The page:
Cagle's - Keystone Foods, LLC - Executive Summary

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Executive Summary 
1.    Accidental Release Prevention and Emergency Response Policies 
We at Cagle's - Keystone Foods are strongly committed to employee, public and environmental safety.  This commitment is demonstrated by our comprehensive accidental release prevention program that covers areas such as design, installation, operating procedures, maintenance, and employee training associated with the processes at our facility.  It is our policy to implement appropriate controls to prevent possible releases of regulated substances.  Unforeseeably, if such a release does occur, our highly trained emergency response personnel are at hand to control and mitigate the effects of the release.  We are also completely coordinated with Clinton County Fire Department which provides additional emergency response expertise. 
2.    The Stationary Source and the Regulated Substances Handled 
Our facility's primary activities revolve around slaughtering, and processing poultry.  Anhydrous ammonia and propan 
e are the two regulated substances present at our facility.  All of the ammonia inventory is attributed to its use as a refrigerant.  The propane is used as a fuel for the facility. 
The maximum inventory of ammonia at our facility is 23,266 pounds.  The maximum propane inventory would be 111,000 pounds stored in a 30,000 gallon (water capacity) vessel. 
3.    The Worst Case Release Scenario(s) and the Alternative Release Scenario(s), including administrative controls and mitigation measures to limit the distances for each reported scenario 
To evaluate the worst case and alternative release scenarios for ammonia we have used the methodology given in the Model Risk Management Program and Plan for Ammonia Refrigeration by SAIC.  The following paragraphs provide details of the chosen scenarios. 
The worst case release scenario submitted for the Program 3 toxic substance as a class involves a catastrophic release from ammonia used as a refrigerant.  The scenario involves the release of 7,127  
pounds of ammonia in a gaseous form over 10 minutes.  At Class F atmospheric stability and 1.5 m/s windspeed, the maximum distance of 1.06 miles is obtained corresponding to a toxic endpoint of 0.14 mg/L. 
One alternative release scenario has been submitted for the toxic substance present in the Program 3 process. 
The alternative release scenario for Ammonia involves a release from Storage Tank in the ammonia refrigeration process.  The scenario involves the release of 400 pounds of ammonia in a gaseous form over 10 minutes.  Under neutral weather conditions, the maximum distance to the toxic endpoint of 0.14 mg/L of Ammonia is 0.20 miles.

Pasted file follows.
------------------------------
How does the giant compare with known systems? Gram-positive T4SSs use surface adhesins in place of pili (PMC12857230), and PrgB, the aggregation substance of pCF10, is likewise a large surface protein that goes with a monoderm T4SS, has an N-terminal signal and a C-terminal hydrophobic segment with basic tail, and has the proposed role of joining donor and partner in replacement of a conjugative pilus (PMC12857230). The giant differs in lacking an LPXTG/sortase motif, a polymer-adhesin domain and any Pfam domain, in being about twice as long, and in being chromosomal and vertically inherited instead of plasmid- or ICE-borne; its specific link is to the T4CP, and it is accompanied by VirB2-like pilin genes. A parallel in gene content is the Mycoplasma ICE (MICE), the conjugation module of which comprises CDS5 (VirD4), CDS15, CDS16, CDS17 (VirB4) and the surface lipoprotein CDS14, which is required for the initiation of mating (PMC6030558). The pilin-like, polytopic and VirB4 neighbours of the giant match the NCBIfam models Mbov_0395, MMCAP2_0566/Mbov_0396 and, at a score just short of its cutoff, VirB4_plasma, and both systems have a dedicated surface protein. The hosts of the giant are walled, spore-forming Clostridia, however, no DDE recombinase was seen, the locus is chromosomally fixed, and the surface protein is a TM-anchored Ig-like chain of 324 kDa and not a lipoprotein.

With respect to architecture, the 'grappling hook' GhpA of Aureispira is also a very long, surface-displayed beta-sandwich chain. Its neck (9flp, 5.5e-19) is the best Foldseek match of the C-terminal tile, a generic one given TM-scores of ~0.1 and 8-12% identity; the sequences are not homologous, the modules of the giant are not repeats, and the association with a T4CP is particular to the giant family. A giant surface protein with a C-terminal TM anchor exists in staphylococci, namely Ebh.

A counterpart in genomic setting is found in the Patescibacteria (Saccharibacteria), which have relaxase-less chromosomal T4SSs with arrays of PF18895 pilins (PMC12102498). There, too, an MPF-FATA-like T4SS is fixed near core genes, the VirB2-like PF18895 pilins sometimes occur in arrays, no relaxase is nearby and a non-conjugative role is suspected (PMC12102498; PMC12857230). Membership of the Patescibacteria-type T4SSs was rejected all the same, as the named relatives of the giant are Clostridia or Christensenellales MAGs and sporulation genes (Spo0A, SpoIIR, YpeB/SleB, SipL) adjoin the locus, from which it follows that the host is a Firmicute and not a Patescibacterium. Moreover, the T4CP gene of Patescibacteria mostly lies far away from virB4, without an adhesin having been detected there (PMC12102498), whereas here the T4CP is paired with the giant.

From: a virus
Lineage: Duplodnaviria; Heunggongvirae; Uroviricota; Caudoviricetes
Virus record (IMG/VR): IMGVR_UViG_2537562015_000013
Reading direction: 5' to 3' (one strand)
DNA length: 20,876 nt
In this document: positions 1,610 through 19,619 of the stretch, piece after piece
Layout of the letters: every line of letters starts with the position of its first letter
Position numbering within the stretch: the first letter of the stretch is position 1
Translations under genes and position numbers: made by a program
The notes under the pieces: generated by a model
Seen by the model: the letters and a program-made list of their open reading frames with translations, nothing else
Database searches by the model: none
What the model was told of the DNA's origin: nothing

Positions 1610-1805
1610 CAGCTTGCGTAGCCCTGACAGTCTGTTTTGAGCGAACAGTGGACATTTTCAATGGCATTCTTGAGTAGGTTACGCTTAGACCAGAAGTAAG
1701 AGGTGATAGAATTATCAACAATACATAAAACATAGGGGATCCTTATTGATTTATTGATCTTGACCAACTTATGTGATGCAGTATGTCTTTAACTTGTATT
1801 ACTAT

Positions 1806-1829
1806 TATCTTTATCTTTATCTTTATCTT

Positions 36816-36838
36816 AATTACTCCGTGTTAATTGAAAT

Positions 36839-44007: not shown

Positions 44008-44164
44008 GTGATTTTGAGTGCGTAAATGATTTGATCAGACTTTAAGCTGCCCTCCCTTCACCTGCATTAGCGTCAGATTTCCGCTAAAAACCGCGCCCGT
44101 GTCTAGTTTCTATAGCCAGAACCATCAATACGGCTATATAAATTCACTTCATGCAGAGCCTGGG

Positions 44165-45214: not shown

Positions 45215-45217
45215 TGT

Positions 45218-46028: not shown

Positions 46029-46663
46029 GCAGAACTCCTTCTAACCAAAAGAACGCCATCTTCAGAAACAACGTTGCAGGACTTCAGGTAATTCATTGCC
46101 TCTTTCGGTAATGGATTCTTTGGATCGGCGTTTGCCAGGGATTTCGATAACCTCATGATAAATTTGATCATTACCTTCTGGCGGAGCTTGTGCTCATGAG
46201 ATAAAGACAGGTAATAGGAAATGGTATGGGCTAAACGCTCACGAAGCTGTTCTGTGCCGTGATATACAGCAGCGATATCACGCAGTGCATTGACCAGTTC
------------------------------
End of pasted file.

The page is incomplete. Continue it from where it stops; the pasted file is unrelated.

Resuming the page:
To evaluate the worst case scenarios for propane, we have used Equations from Appendix D of the EPA's Offsite Consequence Analysis Guidance.  For alternative release scenario analyses, we have employed EPA's OCA Guidance Reference Tables.  The following paragraphs provide details of the chosen scenarios. 
The worst case release scenario submitted f 
or Program 2 and 3 flammable substances as a class involves a catastrophic release from Propane Receiver in the Propane process.  The scenario involves the release of 111,000 pounds of Propane.  It is assumed that the entire quantity is released as a vapor, which finds an ignition source, with 10 percent of the released quantity participating in a vapor cloud explosion.  Under worst case weather conditions, the maximum distance of 0.39 miles is obtained corresponding to an endpoint of 1 psi overpressure.   
The alternative release scenario submitted for Program 2 and 3 flammable substances involves a release from Propane Receiver in the Propane process.  The release is assumed to result in a Vapor Cloud Explosion.  The scenario involves the release of 18,951 pounds of Propane in 10 minutes.  Under neutral weather conditions, the maximum distance to the flammable endpoint of 1 PSI overpressure is 0.2 miles. 
4.    The General Accidental Release Prevention Program and the Chemical-Specific 
Prevention Steps 
Our facility has taken all the necessary steps to comply with the accidental release prevention requirements set out under 40 CFR Part 68 of the EPA.  In addition, our facility is subject to the OSHA PSM standard under 29 CFR 1910.119.  Our facility is also subject to EPCRA Section 302 notification requirements.  The following sections briefly describe the elements of the release prevention program that is in place at our stationary source. 
Process Safety Information 
Cagle's - Keystone Foods maintains a detailed record of written safety information that describes the chemical hazards, operating parameters and equipment designs associated with all the processes. 
Process Hazard Analysis 
Our facility conducts comprehensive studies to ensure that hazards associated with our processes are identified and controlled efficiently.  The methodology used to carry out these analyses is What If-Checklist.  The studies are undertaken by a team of qualified personnel with expertis 
e in engineering and process operations and are revalidated at a regular interval of 5 years.  Any findings related to the hazard analysis are addressed in a timely manner.